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updated 2/16/2013 10:20:33 AM ET 2013-02-16T15:20:33

Every love story is different, but there is one thing office romances have in common: From inappropriate displays of affection to concerns about sexual harassment, they can be a headache for employers.

But banning romantic relationships could be more trouble than it's worth -- and ineffective, too, says workplace expert Di Ann Sanchez, founder of Hurst, Texas-based DAS HR Consulting, LLC. "You used to be able to just say 'No office romances' but today, they'll just go underground. Then, if you find out, you're forced to fire them because they violated your no-romance policy," she says.

Instead, she advocates implementing an effective office romance policy, which includes these five essential elements. 

Related: How to Handle Emotional Outbursts at Work

1. Require disclosure.
When it becomes clear that a romance is blossoming, those involved need to come clean to their supervisors, Sanchez says. That way, the employer can get involved in solving any potentially problematic issues, such as a supervisor dating someone who is a direct or indirect report.

"Because of sexual harassment concerns, you can't let a supervisor date one of his or her employees. It's best to move that person to a new supervisor, if possible," she says.

2. Create a "Love Contract."
Once an employee relationship is revealed, Sanchez encourages employers to have each employee sign a contract that spells out certain expectations, while protecting the employees. The agreement spells out that the relationship is consensual and advises them of the company's sexual harassment policies. It also outlines behavioral expectations, including the fact that any show of favoritism or disruption of the workplace can be grounds for reprimand or dismissal.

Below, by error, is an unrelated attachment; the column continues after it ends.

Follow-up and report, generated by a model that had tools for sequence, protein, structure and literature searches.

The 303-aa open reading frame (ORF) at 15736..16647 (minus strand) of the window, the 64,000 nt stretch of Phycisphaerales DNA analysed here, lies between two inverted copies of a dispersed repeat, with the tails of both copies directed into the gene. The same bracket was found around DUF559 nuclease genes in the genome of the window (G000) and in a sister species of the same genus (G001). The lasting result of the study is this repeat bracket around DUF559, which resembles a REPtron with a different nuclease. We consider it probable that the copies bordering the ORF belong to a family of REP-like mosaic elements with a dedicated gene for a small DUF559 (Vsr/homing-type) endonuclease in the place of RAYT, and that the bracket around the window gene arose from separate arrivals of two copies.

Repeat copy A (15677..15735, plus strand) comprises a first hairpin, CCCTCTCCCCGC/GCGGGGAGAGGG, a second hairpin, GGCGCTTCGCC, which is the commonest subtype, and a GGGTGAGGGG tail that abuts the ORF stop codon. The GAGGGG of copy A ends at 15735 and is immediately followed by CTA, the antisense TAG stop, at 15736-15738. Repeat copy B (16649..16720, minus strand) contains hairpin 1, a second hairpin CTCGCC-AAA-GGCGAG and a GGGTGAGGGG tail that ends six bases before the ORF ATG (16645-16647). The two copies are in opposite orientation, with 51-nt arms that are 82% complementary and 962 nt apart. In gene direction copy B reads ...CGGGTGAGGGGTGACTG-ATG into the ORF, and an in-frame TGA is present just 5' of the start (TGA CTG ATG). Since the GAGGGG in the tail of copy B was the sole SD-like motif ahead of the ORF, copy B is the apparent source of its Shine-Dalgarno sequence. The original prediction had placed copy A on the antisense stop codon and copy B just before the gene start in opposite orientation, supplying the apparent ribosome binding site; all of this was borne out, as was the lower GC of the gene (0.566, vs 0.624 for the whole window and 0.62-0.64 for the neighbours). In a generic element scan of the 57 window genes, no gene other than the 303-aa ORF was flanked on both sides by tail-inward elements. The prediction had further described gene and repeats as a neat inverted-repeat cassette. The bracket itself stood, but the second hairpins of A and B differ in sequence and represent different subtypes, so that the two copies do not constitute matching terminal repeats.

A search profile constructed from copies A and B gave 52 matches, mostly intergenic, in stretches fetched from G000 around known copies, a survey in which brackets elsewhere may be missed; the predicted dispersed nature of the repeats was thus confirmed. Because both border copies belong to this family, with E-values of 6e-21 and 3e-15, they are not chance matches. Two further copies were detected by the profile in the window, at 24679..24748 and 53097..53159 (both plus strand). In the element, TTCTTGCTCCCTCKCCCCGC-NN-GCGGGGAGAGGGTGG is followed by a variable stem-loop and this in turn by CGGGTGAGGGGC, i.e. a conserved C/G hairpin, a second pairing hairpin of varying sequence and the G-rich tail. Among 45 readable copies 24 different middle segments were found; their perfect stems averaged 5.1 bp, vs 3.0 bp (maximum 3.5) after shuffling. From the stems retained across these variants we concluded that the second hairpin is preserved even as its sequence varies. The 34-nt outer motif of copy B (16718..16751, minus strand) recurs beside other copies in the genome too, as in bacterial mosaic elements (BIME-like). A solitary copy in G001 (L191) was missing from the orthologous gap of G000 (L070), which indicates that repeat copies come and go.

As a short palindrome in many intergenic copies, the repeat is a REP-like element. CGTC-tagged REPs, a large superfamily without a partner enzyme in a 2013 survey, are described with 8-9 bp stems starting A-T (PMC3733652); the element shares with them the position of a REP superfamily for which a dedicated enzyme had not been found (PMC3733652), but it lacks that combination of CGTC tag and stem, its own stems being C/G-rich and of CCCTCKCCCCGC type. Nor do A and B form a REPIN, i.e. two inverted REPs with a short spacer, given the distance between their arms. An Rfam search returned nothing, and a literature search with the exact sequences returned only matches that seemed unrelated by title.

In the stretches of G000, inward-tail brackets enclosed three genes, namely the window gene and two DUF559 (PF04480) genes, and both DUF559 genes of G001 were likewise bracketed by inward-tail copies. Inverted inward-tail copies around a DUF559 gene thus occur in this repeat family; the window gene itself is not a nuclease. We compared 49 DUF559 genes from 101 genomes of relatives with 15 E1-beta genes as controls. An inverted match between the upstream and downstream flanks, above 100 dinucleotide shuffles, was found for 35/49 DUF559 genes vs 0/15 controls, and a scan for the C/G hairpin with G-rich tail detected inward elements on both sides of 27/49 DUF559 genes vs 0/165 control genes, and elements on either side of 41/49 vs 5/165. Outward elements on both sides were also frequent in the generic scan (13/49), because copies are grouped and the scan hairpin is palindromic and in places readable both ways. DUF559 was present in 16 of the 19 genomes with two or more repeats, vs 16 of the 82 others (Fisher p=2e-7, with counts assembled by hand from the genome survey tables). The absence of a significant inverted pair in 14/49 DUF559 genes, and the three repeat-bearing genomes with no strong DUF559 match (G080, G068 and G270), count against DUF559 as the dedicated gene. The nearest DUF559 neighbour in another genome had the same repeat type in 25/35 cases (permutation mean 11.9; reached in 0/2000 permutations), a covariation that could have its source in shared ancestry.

The contract should also advise them to notify the employer if they break up and spell out behavioral expectations if that happens. For example, that the former paramours will not share their personal relationship details at the office and will conduct themselves professionally when they work together, Sanchez says.

Related: What Really Motivates Employees? [Infographic]

3. Advise against PDA.
This is a big one, Sanchez says. Public displays of affection, including touching or kissing can make other employees uncomfortable -- which is a morale problem and could present legal issues if such discomfort is part of a hostile workplace pattern, she says.

This extends to online communication too. Just as PDA is prohibited, so should romantic texting, email, or other use of company property to "enhance the relationship," Sanchez says.

4. Keep tabs on office sentiment.
It's important to check in with other employees and give them avenues to tell their supervisors if they are uncomfortable or if the relationship is affecting the workplace. "If your employees perceive favoritism or other problems, it's not going to be good for your company," Sanchez says. That could affect productivity and, in the worst cases, cause turnover.

5. Get legal counsel.
It's always a good idea to run any policy by legal counsel, but especially so with office romance policies to ensure that your company is abiding by all local, state and federal laws and regulations. Your attorney can help you craft a policy that helps protect everyone involved from sexual harassment while avoiding an unenforceable ban on employee relationships.

Related: Why the Best Managers Ask the Most Questions

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